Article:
it is reasonable to assume that superstitions which caused real fear called for the creation of euphemisms long before the need to describe things in their various aspects or subtle shades caused the appearance of other synonyms.
The Christian religion also made certain words taboo. The proverb Speak of the devil and he will appear must have been used and taken quite literally when it was first used, and the fear of calling the devil by name was certainly inherited from ancient superstitious beliefs. So, the word devil became taboo, and a number of euphemisms were substitutes for it: the Prince of Darkness, the black one, the evil one, dickens (coll.), deuce (coll.), (Old) Nick (coll.).
The word God, due to other considerations, also had a great number of substitutes which can still be traced in such phrases as Good Lord!, By Heavens/, Good Heavens!, (My) goodness!, (My) goodness gracious!, Gracious me!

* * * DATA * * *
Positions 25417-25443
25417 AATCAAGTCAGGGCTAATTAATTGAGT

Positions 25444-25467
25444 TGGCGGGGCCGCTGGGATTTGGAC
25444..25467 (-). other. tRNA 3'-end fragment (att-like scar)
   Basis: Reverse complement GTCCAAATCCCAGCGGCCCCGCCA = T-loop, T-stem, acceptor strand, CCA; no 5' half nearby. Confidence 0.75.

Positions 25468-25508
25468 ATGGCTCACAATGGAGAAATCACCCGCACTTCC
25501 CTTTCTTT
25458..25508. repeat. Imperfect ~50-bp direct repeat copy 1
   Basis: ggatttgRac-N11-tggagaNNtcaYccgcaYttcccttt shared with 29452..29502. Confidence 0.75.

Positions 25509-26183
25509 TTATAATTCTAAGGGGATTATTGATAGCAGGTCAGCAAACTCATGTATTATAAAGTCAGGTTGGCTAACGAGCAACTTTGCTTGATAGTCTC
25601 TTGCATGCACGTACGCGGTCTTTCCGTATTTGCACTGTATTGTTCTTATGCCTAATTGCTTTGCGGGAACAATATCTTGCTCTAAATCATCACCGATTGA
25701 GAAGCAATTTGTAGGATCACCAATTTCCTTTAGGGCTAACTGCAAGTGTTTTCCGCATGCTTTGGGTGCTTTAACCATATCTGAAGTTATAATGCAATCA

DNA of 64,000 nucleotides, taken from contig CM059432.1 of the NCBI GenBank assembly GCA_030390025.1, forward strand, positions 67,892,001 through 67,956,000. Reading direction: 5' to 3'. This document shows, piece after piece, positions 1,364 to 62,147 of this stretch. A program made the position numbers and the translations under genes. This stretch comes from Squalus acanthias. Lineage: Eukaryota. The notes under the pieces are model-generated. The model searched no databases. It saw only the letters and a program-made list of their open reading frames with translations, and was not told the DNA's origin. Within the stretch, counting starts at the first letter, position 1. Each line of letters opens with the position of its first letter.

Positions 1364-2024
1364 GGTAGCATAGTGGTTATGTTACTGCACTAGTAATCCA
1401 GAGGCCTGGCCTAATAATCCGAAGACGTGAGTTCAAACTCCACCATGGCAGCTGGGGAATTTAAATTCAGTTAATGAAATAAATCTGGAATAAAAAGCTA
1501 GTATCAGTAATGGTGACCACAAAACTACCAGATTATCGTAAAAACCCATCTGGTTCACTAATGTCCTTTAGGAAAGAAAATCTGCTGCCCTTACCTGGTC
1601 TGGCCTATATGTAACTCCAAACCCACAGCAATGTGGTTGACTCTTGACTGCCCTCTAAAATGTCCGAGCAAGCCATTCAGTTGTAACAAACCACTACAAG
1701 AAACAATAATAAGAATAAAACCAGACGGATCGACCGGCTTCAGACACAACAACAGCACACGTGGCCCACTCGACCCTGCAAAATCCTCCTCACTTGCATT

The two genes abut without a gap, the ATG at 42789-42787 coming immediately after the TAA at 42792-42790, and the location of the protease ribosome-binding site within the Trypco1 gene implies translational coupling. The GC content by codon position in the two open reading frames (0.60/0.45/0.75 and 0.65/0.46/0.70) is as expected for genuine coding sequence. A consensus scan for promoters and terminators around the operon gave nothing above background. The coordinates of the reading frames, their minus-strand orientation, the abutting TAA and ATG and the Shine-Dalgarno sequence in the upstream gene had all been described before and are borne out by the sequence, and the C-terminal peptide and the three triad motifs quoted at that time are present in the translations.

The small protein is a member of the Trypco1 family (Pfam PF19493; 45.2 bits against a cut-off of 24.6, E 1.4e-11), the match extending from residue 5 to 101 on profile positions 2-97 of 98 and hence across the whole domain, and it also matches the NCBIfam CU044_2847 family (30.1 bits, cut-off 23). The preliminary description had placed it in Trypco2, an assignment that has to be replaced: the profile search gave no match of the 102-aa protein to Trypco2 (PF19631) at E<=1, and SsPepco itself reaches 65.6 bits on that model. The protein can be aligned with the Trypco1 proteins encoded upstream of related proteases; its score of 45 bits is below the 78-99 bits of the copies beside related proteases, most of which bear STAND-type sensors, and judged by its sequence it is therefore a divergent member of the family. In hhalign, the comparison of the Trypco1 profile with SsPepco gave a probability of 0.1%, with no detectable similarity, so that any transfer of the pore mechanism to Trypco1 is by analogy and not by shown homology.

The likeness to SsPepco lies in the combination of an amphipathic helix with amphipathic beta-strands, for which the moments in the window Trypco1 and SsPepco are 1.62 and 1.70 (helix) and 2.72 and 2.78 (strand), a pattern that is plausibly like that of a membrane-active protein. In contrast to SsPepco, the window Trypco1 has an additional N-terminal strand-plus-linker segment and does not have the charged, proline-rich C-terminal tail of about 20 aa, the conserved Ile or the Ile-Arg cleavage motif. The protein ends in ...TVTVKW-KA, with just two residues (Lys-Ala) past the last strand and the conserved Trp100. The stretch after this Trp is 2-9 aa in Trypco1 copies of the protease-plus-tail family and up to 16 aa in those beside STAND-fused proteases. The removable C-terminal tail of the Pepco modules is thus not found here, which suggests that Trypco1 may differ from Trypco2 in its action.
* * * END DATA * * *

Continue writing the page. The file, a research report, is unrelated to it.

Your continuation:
Even in our modern emancipated times, old superstitious fears still lurk behind words associated with death and fatal diseases. People are not superstitious nowadays and yet they are surprisingly reluctant to use the verb to die which has a long chain of both solemn and humorous substitutes. E. g. to pass away, to be taken, to breathe one's last, to depart this life, to close one's eyes, to yield (give) up the ghost, to go the way of all flesh, to go West (sl.), to kick off (sl.), to check out (sl.), to kick the bucket (sl.), to take a ride (sl.), to hop the twig (sl.), to join the majority (sl.).
The slang substitutes seem to lack any proper respect, but the joke is a sort of cover for the same old fear: speak of death and who knows what may happen.
Mental diseases also cause the frequent use of euphemisms.
A mad person may be described as insane, mentally unstable, unbalanced, unhinged, not (quite) right